-ESSAY: TOM WOLFE (Richard A. Kallan)
    -ESSAY: Don Dapper: Tom Wolfe conquers windmills on Brown's battlefield (Amanda Griscom)
    -INTERVIEW: "TOM WOLFE AND HIS CRITICS" (Firing Line)
    -Article: by TOM WOLFE SORRY, BUT YOUR SOUL JUST DIED (Forbes)
    -Caricature from The Atlantic
    -CBC Interview
    -INTERVIEW (Steve Hammer NUVO Newsweekly)
    -Tom Wolfe: The Satirist of Society (Caitlin Allen, Brighton High School)
    -Creative Nonfiction: Writers and Their Works
    -TOM WOLFE'S NEW JOURNALISM PICKS
    -NEW JOURNALISM by Dave Selden, Jr.
    -Parajournalism II: Wolfe and The New Yorker (DWIGHT MACDONALD, NY Review of Books)
    -REVIEW: Tom Wolfe's Rooftop Yawp His crackling novel deserves to be news. But America is better than Wolfe's Atlanta. (George F. Will, Newsweek)
    -REVIEW: A Man in Full (Tom Walker, Denver Post Books Editor)
    -REVIEW: Georgia on His Mind: Tom Wolfe takes on the New South in 'A Man in Full' (Malcolm Jones Jr., Newsweek)
    -REVIEW: Wolfe takes full measure of 'Man' (Deirdre Donahue, USA Today)
    -REVIEW:  of A Man in Full (Sven Birkerts, The Atlantic)
    -REVIEW: A Riot of Egomania  (Ty Hudson, Yale Review of Books)
    -REVIEW of A Man in Full: From he-man to holy man (Salon)
    -REVIEW of A Man in Full, The White Stuff (jeffrey eugenides, Voice Literary Supplement)
    -REVIEW: A Man Half Full (Norman Mailer, NY Review of Books)
    -REVIEW: of A Man in Full By Tom Wolfe. (Michael Lewis, NY Times Book Review)
    -REVIEW: J. Peder Zane: Far from empty, not quite full (News and Observer)
    -REVIEW: BookBrowser Review
    -REVIEW: Tom Wolfe's Radical Chic (Jordan Hoffman)
    -REVIEW: Tom Wolfe still has the right stuff, despite snub by left-wing literary set (Chuck Moss, Detroit News)
    -REVIEW: The culture's lone Wolfe The chronicler of radical chic and trophy wives captures the nineties in his new novel (Gene Edward Veith, World)
    -REVIEW: of From Bauhaus to Our House (Christopher Lehmann-Haupt, NY Times)
    -REVIEW:  of From Bauhaus to Our House (Paul Goldberger, NY Times Book Review)
    -REVIEW: of The Right Stuff (USAF site, Eric D. Brown, Capt, USAF)
    -The Birth of Way New Journalism (Joshua Quittner,  HotWired)
    -REVIEW: of The Bonfire of the Vanities  (Thomas R. Edwards, NY Review of Books)
    -REVIEW: of The Purple Decades: A Reader by Tom Wolfe (James Wolcott, NY Review of Books)
    -REVIEW: of From Bauhaus to Our House (Janet Malcolm, NY Review of Books)
    -REVIEW: of The Right Stuff (John Gregory Dunne, NY Review of Books)
    -REVIEW: of Mauve Gloves & Madmen, Clutter & Vine (Garry Wills, NY Review of Books)
    -REVIEW: of The Painted Word (Barbara Rose, NY Review of Books)
    -REVIEW: of Radical Chic and Mau-Mauing the Flak Catchers (Jason Epstein, NY Review of Books)
    -REVIEW: of The Pump House Gang and The Electric Kool-Aid Acid Test (Margot Hentoff, NY Review of Books)
    -REVIEW: of The Kandy-Kolored Tangerine-Flake Streamline Baby (Dwight Macdonald, NY Review of Books)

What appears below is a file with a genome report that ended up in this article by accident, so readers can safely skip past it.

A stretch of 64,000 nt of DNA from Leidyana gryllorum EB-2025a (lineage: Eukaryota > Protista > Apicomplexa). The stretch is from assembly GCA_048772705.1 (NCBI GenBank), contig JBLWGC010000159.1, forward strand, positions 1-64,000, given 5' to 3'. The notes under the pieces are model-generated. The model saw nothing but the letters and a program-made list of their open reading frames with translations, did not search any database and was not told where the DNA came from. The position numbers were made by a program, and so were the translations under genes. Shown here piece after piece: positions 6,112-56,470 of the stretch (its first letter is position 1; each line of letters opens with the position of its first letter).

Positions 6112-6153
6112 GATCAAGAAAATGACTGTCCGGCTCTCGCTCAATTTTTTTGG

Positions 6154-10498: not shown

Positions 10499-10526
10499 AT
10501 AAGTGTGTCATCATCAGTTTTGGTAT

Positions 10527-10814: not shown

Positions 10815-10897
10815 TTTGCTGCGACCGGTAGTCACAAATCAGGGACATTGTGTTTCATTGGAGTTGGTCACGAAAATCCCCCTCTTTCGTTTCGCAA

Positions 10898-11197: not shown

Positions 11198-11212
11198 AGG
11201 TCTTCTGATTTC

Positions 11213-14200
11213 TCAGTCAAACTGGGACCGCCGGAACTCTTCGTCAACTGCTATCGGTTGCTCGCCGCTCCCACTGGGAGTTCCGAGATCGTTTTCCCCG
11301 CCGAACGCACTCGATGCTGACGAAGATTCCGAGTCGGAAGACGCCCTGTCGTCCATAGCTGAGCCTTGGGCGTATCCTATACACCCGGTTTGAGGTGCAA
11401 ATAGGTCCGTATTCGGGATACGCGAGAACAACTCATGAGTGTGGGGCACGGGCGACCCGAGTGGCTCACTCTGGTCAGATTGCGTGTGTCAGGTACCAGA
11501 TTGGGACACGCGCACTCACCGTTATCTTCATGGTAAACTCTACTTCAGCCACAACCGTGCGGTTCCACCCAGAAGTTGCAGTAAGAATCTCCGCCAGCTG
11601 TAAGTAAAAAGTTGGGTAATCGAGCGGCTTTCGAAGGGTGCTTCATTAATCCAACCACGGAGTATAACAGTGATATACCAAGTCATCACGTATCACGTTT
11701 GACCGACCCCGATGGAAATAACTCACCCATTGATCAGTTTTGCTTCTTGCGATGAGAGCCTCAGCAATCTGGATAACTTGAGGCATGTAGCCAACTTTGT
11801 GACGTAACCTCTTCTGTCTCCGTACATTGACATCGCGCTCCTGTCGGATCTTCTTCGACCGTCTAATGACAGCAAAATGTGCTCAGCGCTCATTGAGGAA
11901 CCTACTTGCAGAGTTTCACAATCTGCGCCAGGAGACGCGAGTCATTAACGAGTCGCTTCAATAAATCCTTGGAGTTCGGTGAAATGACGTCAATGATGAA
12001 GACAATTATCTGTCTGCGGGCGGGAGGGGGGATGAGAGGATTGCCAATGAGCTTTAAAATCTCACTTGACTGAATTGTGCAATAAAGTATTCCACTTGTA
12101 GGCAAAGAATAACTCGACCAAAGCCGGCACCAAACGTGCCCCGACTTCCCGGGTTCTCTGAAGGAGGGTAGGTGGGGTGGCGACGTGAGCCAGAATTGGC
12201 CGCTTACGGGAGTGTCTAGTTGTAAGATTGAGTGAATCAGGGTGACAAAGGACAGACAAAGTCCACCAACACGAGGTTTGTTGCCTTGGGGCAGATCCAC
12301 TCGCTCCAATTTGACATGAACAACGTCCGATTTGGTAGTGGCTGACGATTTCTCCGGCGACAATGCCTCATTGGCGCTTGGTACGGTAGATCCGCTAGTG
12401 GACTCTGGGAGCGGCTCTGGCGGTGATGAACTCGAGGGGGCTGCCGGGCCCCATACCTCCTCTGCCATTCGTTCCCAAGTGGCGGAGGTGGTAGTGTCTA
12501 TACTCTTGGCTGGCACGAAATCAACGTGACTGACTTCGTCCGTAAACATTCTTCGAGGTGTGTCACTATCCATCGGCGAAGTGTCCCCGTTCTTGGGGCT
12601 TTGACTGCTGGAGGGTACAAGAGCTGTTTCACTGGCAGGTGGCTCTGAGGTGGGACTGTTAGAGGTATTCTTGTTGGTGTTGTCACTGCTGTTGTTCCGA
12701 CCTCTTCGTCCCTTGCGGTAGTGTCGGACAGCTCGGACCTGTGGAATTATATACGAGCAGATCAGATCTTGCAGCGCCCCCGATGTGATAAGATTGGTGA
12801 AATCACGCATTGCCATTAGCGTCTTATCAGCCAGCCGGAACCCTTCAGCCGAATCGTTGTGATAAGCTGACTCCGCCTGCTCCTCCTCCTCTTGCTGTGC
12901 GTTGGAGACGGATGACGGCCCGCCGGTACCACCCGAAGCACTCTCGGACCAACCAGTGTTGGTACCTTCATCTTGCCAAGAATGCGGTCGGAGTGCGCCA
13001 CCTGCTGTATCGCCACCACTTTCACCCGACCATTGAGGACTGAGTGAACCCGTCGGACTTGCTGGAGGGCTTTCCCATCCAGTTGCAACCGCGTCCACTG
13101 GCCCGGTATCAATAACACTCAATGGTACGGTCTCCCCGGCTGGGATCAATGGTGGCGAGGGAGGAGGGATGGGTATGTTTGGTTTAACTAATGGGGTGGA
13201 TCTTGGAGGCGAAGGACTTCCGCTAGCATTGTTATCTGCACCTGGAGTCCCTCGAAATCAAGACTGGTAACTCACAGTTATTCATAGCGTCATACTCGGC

-REVIEW: of Bonfire of the Vanities  Sherman's March to Disaster (Frank Conroy, NY Times Book Review)
    -BOOKS OF THE TIMES: The incident at the heart of Tom Wolfe's hilarious first novel is no laughing matter (Christopher Lehmann-Haupt, NY Times)
    -ARTICLE: Bonfire in Bronx!!! Wolfe Catches Flak!!! (STEVEN ERLANGER, NY Times)
    -ARTICLE: Tom Wolfe Tries New Role: Novelist (MERVYN ROTHSTEIN, NY Times)
    -ARTICLE: THE FLAP OVER TOM WOLFE: HOW REAL IS THE RETREAT FROM REALISM? (Robert Towers, NY Times)
   -ESSAY: HOLDING 'BONFIRE' UP TO A MIRROR (Peter Baida, NY Times)
   -ESSAY: NEW YORK IS WORTH A NOVEL - ARE YOU? (Anatole Broyard, NY Times)
    -ESSAY: The Widening Gap Between the Military and Society: The U.S. military is emerging as an increasingly autonomous political force whose values diverge more and more widely from those of the society it is supposed to protect (Thomas E. Ricks, The Atlantic)

Comments:

As we're seeing with the recent Supreme Court decision and the Episcopalean Church, homosexuality is increasingly being accepted by society. That does not require us to accept it, nor the government. Goldwater became more libertarian as he got older. He also ceased to be significant after 1964, replaced by Ronald Reagan who came to political fame in his famous campaign speech for AUH2O.

- oj

- Aug-05-2003, 18:55

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Wait a second. You chose Barry Goldwater as the greatest cultural figure of the century (which is awesome). You said his "essentially libertarian" philosophy would one day be the norm, and that the republican party will have to realize that "the same ideas that lead them to insist on political and economic liberty must also apply to social issues like homosexuality, abortion..." But in this review you say "you should have a right to discriminate against people based on their sexual preference." Also, elsewhere on this sight, you criticize libertarianism and call libertarians "utopians." Goldwater was basically a libertarian (many libertarians consider him to be a founding member of the party). So which is it? Are libertarians good or bad? Is Goldwater good or bad? I like the site, but don't understand this contradiction. sincerely, andy

- andy

- Aug-05-2003, 15:32